MSTV Calls for FCC Action

The broadcaster-laden crowd at Maximum Service Television's 15th annual DTV update heard some tough assessments of the transition as they faced a build-out deadline barely two months away for commercial stations.
Author:
Publish date:

WASHINGTON

The broadcaster-laden crowd at Maximum Service Television's 15th annual DTV update heard some tough assessments of the transition as they faced a build-out deadline barely two months away for commercial stations.

"The timetable is not being driven by communications policy; it is not being driven by concerns over competition," said MSTV President David Donovan. "It is being driven by budget demands and the desire to clear spectrum for public safety, particularly in the wake of Sept. 11."

So, he said, government should force the cable and consumer electronics industries to do their part in the digital transition or risk losing analog broadcasts before viewers are ready, Donovan said.

He called on the FCC to force the cable industry and consumer electronics manufacturers to fulfill their roles in the transition, with stronger must-carry obligations for cable and a digital receiver mandate for TV manufacturers, for example.

"We are well past the blame game, but the simple fact is, the light at the end of the tunnel may well be a train," he said.

Budget-makers in Washington want the analog spectrum back from broadcasters in order to auction it off, although Congress' dreams for a spectrum windfall have faded with the rest of the economy. And the core channels are stuffed so full of broadcasters – "like sardines," Donovan said – that there may not be enough room for those forced to move down the dial from Channels 50 through 69.

"If we continue down this path, many consumers that rely on over-the-air broadcasters will either be disenfranchised or forced to buy expensive converters," Donovan warned.

FCC officials said they feel the broadcasters' pain and pointed to the easing in November of DTV build-out requirements, a rule change they said enables more broadcasters to meet the May 1 deadline.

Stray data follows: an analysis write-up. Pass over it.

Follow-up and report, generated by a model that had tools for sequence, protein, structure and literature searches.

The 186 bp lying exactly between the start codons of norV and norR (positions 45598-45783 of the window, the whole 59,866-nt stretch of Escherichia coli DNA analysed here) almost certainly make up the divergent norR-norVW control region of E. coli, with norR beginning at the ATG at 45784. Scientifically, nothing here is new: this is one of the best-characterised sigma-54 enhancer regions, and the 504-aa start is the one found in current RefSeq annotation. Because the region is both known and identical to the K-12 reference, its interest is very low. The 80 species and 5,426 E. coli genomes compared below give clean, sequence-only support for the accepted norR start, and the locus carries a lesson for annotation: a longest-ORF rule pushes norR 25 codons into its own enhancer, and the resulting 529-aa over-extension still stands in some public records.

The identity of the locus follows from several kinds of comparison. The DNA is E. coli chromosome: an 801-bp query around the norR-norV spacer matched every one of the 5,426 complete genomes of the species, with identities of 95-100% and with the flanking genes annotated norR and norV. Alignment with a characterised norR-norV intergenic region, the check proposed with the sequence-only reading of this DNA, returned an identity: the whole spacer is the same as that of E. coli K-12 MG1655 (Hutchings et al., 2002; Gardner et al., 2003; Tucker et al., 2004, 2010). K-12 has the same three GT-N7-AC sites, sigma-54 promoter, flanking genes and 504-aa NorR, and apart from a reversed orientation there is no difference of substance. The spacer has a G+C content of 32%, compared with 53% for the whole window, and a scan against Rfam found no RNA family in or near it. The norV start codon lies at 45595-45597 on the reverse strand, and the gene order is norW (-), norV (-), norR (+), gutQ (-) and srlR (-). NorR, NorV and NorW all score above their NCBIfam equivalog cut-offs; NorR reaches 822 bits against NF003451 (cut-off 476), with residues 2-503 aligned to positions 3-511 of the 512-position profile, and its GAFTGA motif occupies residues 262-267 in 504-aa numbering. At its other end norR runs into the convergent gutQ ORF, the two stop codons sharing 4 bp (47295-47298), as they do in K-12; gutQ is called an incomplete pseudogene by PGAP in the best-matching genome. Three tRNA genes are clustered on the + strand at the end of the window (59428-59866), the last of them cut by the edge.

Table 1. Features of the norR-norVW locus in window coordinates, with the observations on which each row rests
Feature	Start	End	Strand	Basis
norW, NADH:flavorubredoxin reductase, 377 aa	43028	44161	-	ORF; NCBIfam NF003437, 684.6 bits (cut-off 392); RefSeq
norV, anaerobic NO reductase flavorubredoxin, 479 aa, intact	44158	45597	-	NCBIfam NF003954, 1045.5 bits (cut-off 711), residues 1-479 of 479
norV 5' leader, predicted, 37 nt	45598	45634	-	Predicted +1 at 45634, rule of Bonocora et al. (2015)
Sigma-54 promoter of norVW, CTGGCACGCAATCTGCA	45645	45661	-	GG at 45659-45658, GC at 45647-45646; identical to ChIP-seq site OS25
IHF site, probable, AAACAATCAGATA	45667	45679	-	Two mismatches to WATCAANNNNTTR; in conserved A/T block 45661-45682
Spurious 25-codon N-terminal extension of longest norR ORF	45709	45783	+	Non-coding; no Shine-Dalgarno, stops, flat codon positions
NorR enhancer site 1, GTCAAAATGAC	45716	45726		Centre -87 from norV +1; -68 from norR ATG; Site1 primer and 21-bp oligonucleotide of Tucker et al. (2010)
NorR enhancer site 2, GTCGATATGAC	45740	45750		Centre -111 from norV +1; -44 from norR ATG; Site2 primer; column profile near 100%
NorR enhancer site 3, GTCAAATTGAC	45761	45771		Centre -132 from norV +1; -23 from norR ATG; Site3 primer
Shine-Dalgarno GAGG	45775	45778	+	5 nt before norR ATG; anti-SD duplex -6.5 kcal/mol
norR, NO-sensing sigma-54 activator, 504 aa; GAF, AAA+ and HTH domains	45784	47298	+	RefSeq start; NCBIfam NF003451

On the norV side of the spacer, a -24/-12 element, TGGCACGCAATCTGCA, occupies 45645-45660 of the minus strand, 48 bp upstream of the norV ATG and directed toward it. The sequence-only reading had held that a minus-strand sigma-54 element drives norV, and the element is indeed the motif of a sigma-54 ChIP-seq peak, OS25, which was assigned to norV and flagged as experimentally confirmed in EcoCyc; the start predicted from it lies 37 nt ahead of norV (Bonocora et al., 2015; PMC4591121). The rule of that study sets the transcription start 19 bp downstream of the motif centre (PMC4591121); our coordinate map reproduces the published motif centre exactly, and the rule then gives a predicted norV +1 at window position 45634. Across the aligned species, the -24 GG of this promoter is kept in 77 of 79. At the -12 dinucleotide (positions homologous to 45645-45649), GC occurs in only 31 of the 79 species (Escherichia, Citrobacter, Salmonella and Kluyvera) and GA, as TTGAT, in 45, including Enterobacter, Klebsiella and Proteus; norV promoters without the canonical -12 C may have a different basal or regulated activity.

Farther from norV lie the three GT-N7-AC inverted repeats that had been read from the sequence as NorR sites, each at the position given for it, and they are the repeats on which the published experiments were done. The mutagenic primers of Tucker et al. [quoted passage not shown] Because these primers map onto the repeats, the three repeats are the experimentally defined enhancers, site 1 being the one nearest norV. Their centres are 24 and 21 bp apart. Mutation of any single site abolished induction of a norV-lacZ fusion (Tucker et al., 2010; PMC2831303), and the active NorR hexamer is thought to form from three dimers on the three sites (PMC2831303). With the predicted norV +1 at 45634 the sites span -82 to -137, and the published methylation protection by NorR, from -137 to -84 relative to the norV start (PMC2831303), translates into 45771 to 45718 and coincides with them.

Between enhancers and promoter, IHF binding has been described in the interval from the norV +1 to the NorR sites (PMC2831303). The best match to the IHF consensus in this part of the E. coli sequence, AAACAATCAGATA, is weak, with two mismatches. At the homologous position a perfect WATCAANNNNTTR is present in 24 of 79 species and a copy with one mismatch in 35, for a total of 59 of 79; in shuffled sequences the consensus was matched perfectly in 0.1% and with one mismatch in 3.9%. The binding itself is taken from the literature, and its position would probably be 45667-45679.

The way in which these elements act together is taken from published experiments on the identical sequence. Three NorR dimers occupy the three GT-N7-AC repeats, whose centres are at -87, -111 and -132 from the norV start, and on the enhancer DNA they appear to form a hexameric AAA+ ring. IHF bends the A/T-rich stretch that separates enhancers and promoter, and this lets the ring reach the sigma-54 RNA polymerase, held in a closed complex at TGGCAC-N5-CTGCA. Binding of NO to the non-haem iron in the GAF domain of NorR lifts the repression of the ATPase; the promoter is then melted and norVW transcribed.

When will the transition be complete? "I'd say, when the Bush twins get their doctorates," cracked FCC Office of Plans and Policy Senior Counsel Amy Nathan in a panel discussion.

And what are the consequences for stations that simply miss all their deadlines and extensions? DTV Task Force Chairman Rick Chessen wouldn't get specific about penalties for broadcasters who fail to comply and have no good excuse.

The audience was asked how many were broadcasters and would not meet the May deadline; a dozen people or more raised their hands. Only two raised their hands to indicate they would meet the deadline.

Conferees also lamented the lack of interoperability among digital tuners for cable, satellite, and broadcast; the continued sale of millions of analog TVs annually; the content-inhibiting conflicts over copyright protection and cable's resistance to carrying data services and other programming beyond a broadcaster's "primary" stream.

If only the several parties could sort out disputes over must-carry, copyright protection and system interoperability, many speakers said, the powerful technologies could be used to their fullest.

"Congress said we're going to go from analog to digital; they didn't say, 'if we could find a marketplace solution,'" said James Goodmon, president and CEO of Capitol Broadcasting Co. of Raleigh, N.C., owner of HDTV pioneer WRAL. "This concept that you've got to get agreement [among the parties] – I don't believe that's your job. I think you have to make rules under which we can all operate to make it happen.

"I am a Republican asking you for regulation," he said. "If you want the [analog] spectrum back, if you want to switch to digital, you've got to make the rules and you've got to tell us what to do. We need action, even if we don't like it."

Balancing his words of warning, Donovan also talked up the future of over-the-air broadcasters, praising them for installing "a state-of-the-art system, despite the fact that digital is received by only a small fraction of the people."

For all the complaints about other industries and the government, most broadcasters predicted the nation would actually gain stations in the transition.

"We need not go down this path," Donovan said of his train-wreck scenario. "The FCC must recognize the link between spectrum and the need to accelerate the digital transition. You cannot put pressure on one side of the equation without clearly recognizing the other."